Methods have been described by which the number of elementary bodies present in a suspension can be estimated. It has been shown that by means of replicate counts, in which the Petroff-Hausser chamber was used, a high degree of accuracy can be attained. By means of the Gates densitometer, the number of elementary bodies in a suspension can be determined with a coefficient of variation of about 3.0 per cent. A method has been described by which the accuracy of estimation of the infectious titer of a suspension can be increased without greatly enlarging the number of animals employed. This consists of selecting as the end-point that dilution of virus which on intradermal inoculation in a rabbit would lead theoretically to an equal number of positive and negative results. The statistical advantages of this method have been confirmed by the experiences of other laboratories.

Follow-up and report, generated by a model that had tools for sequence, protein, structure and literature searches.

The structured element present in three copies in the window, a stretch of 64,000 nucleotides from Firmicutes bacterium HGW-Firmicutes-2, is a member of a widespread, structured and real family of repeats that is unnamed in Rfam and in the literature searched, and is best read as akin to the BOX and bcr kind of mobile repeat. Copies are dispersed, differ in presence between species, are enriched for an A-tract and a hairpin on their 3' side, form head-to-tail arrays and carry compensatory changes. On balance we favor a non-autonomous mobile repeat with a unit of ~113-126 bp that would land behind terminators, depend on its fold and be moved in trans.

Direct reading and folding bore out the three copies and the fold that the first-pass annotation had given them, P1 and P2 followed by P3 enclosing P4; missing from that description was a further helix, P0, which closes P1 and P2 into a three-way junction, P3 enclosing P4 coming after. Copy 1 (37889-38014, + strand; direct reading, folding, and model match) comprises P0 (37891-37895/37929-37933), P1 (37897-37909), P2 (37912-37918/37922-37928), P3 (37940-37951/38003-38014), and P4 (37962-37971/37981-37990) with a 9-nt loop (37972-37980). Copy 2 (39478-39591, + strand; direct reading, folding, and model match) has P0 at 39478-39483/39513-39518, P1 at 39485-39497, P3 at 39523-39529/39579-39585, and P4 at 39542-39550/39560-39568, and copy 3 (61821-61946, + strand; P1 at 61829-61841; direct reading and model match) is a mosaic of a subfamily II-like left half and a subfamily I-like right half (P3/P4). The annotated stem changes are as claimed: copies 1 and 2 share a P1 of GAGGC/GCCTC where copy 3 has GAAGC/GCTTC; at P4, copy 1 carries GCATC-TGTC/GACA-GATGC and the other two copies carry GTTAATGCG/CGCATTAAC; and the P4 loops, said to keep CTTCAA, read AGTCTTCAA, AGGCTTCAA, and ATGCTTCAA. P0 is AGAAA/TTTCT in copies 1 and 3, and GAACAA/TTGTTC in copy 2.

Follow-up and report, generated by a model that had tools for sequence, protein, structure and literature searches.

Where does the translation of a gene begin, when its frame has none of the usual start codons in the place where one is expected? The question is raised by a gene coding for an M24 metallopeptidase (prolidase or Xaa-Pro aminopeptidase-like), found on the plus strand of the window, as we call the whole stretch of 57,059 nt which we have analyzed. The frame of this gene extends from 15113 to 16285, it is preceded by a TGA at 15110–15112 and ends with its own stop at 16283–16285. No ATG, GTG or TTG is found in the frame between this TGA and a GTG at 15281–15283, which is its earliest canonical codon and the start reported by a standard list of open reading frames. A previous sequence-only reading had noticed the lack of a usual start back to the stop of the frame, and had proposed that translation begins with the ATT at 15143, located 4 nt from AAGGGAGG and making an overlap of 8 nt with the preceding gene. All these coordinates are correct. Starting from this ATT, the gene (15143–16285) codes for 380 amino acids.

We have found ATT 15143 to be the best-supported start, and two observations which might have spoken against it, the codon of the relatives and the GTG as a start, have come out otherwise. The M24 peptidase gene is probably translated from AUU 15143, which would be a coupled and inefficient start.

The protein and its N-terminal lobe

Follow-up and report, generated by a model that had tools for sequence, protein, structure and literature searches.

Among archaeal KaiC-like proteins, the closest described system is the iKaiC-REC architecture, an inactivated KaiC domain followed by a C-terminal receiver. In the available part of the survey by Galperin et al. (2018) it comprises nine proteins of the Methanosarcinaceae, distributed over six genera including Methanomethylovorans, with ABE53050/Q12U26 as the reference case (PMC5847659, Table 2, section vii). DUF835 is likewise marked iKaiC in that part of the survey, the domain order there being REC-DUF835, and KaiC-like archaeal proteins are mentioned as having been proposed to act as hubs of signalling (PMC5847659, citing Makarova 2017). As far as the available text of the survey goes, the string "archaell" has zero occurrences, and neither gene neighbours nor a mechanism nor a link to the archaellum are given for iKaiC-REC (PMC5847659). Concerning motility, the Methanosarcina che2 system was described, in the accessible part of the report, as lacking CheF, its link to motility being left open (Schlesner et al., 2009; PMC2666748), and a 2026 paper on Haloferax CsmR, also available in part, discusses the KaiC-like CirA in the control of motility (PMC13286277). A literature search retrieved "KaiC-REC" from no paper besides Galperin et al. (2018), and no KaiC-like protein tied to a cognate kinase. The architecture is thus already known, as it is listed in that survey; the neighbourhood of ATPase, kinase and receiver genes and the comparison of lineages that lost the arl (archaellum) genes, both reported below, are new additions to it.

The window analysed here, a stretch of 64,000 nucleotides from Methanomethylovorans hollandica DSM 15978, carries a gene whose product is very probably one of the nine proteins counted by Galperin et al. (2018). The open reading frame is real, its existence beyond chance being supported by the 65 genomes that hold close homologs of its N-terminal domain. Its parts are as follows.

By the application of the methods described, there was shown to be a direct correlation between the number of elementary bodies and the number of infectious units of virus present in a given suspension. At the mean of the distribution this ratio is as the logarithms 9.62 to 8.0. To extrapolate this curve, in order to determine the number of elementary bodies present in a single infectious unit, while tempting, is probably not justifiable. It must likewise be remembered that the data given apply to a particular strain of vaccine virus, and that the number of infectious units has been determined by intradermal inoculation of rabbits. It appears also that this method may be of value in studies of the virulence of different strains of vaccine virus, since by its application one may determine not only the infectious liter of a suspension, but its content of elementary bodies.
In the agglutination reaction it was found that optimum titers of serum were obtained when the test antigen contained from 2.0 x 109 to 1.05 x 1010 elementary bodies per cc. Approximately 1.95 x 108 particles per cc. of suspension were required for the production of visible agglutination.